How Marvel challenges us: The commentary present in the MCU

Taylor Mitchell, A&E Editor


(Marvel Studios)

Superhero movies have evolved in our culture as the modern equivalent to the spaghetti western. They are mass market entertainment to the highest degree, movies meant to entertain and make their studios a whole heaping lot of money. They are made to be almost universally relatable and consumable to increase ticket sales. The continued popularity has caused many to see them as having flooded the market, a bubble getting ready to burst, much like westerns before them. This has even been applied to the greatest of these super hero film franchises, the Marvel Cinematic Universe.

Please don’t misunderstand me the MCU has very consistently provided entertaining movies that are much loved by audiences around the world. Yet, much like the rest of the superhero genre and westerns before it the MCU is filled with primarily movies not films. A movie is there to entertain, a simple product of your enjoyment, while a film presents an idea and uses that to challenge you in some way. A film isn’t made to be inherently relatable it’s made to make a point. Superhero movies are movies, just as many westerns were, but just as Shane and The Outlaw Josey Wales are films of the highest order, I believe we are starting to see true films pop up in the superhero genre. One must look no further to find these than the aforementioned MCU and its recent hits Black Panther and Avengers: Infinity War.

Black Panther is a movie often praised for its depiction of an Afro-futuristic society and its willingness to tackle the important issue of the effects that slavery and years of oppression have had on both the continent of Africa and those of African descent. Yet, the movie doesn’t use this as a backdrop, this isn’t just given lip service, it is the root conflict of the film. Every conflict both within Wakanda and T’Challa come from people with different ideas of how Wakanda should address this issue. The main conflict of the film is rooted in the ideological conflict between T’Challa’s struggle to stick to his father’s policies of non interference, and his cousin, Erik Killmonger’s idea that Wakanda should not just be responsible; but actually actively overthrow the oppressors. In the end, T’Challa’s answer to the question comes somewhere in the middle, that the only way to deal with oppression is to lift up the oppressed. Yet, this debate isn’t new, its old and its bitter.. We are still having this same debate that leads Black Panther into conflict, yet many times we ignore it. I think the film resonates with people because it forces them to confront this issue, they are made to decide if it is better to do nothing or to act. It then offers two options on what this action should look like. It shows all sides their faults, their triumphs, and what leads to each conclusion. It isn’t common for a superhero movie to tackle an issue like this and certainly not in this level of detail, but in so many ways this is what makes Black Panther so great. It engages us with a subject that is relevant to our society while entertaining us.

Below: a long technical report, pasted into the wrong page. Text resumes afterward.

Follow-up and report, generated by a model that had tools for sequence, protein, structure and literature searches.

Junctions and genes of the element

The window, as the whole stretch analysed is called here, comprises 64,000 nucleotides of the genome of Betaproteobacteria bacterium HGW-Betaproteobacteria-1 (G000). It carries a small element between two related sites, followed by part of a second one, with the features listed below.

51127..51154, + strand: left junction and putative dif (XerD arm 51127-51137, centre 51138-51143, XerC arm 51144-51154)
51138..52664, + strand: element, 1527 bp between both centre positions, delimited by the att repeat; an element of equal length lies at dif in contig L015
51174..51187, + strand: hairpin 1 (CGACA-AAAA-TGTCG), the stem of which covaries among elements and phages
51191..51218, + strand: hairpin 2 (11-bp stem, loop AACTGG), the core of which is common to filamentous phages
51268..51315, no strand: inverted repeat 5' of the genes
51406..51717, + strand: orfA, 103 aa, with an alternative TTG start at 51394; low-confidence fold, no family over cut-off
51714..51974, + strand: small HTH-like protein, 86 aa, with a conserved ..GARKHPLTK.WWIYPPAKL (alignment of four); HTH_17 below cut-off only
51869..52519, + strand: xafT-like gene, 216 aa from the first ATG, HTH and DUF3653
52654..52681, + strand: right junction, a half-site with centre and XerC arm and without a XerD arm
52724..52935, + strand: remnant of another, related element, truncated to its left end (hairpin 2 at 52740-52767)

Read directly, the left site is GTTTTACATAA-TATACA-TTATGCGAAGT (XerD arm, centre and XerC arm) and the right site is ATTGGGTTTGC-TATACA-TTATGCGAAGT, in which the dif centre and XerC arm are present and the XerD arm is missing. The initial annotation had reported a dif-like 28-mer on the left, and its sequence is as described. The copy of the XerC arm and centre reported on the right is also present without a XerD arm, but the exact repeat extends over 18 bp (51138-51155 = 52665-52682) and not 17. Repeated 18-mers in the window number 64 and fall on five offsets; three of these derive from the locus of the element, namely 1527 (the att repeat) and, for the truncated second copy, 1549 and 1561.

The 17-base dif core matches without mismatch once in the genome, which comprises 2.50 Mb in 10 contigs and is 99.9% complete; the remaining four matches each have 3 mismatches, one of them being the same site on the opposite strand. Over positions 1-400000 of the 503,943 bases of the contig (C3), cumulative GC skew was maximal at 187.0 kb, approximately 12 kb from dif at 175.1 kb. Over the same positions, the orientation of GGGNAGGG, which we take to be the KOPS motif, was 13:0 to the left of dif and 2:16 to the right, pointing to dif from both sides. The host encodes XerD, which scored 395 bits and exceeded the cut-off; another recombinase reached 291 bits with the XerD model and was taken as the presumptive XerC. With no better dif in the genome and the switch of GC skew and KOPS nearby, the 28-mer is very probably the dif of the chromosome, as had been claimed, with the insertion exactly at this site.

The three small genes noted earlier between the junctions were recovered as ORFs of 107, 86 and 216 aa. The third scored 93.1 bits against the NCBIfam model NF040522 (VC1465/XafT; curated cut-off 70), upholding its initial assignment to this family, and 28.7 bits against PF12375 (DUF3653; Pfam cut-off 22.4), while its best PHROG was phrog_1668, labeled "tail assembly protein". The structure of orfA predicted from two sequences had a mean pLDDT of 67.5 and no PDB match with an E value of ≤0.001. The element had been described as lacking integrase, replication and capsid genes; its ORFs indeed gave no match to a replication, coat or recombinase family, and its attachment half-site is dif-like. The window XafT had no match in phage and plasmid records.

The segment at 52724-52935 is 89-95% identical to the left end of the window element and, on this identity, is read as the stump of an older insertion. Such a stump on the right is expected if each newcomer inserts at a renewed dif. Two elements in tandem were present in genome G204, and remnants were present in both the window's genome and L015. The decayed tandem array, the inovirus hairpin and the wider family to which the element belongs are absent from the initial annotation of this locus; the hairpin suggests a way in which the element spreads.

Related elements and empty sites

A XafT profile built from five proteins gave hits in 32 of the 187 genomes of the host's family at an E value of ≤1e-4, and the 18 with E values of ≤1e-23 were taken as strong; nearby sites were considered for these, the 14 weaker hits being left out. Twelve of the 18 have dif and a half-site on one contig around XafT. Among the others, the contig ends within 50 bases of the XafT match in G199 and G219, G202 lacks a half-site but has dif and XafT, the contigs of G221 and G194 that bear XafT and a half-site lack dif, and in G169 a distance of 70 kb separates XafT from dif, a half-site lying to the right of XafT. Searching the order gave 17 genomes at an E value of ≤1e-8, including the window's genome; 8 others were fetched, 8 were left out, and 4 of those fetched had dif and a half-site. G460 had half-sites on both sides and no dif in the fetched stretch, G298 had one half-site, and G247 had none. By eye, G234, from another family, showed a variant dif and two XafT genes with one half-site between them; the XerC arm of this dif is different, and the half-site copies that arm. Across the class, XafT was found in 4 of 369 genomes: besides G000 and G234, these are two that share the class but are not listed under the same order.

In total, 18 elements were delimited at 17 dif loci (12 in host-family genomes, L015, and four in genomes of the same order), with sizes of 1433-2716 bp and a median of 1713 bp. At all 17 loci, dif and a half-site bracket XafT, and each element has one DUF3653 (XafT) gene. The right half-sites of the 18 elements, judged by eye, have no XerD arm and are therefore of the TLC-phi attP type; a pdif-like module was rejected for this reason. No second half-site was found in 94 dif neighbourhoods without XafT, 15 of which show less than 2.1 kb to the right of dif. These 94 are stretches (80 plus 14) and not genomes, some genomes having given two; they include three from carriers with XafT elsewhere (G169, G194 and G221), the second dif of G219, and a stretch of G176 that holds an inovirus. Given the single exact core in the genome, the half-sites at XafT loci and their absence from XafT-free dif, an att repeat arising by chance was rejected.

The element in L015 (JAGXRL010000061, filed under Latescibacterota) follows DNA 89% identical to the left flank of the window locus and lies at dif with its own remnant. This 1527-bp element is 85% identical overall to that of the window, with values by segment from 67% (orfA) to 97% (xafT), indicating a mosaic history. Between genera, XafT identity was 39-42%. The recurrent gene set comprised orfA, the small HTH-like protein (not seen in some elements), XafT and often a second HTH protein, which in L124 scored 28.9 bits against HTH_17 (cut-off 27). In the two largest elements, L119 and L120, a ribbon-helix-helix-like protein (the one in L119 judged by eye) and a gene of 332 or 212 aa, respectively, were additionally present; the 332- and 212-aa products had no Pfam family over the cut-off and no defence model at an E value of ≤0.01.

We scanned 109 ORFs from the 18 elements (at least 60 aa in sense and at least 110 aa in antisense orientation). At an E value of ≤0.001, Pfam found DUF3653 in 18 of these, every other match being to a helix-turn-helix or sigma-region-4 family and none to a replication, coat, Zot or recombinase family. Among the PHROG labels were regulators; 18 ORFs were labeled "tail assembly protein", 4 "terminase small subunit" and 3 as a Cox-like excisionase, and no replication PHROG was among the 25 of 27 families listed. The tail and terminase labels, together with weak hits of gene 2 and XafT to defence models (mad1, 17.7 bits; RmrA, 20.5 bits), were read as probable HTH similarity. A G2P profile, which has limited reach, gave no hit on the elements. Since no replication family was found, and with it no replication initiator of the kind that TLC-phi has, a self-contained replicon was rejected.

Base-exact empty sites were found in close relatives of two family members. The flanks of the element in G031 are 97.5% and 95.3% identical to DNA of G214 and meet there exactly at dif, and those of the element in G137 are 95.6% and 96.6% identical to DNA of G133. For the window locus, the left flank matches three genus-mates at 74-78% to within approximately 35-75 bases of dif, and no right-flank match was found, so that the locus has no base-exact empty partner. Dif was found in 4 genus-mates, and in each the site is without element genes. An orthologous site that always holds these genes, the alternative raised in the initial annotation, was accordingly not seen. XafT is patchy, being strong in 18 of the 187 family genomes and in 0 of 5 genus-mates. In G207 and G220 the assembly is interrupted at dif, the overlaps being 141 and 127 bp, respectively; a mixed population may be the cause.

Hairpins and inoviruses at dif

Infinity War, on the other hand, challenges us more in its structure than its content. By this I mean that Thanos, the undisputed big bad of the MCU, goes through the traditional story beats reserved for a films protagonist. With this distinction the film allows us a look into how he justifies his own actions. It forces the audience to come to the conclusion of understanding a genocidal maniac even if they are incapable of agreeing. Presenting Thanos in this light, while making it very clear he is still a monster, forces the audience to decide where the line is. In the end, the villain is given a triumphant moment, not the heroes. This forces people to consider the fact that what has happened is a triumph, just not in the way we would prefer.

I think that the reason these films resonate is because they challenge us. Like some old greats like Shane they have something they want us to walk away with. They want us to think and confront something about ourselves and and our society. That is when films are at their best. The same is true for superhero movies. If they are willing to keep challenging us instead of just entertaining us, I wholeheartedly believe they will be around just as long as westerns have been.

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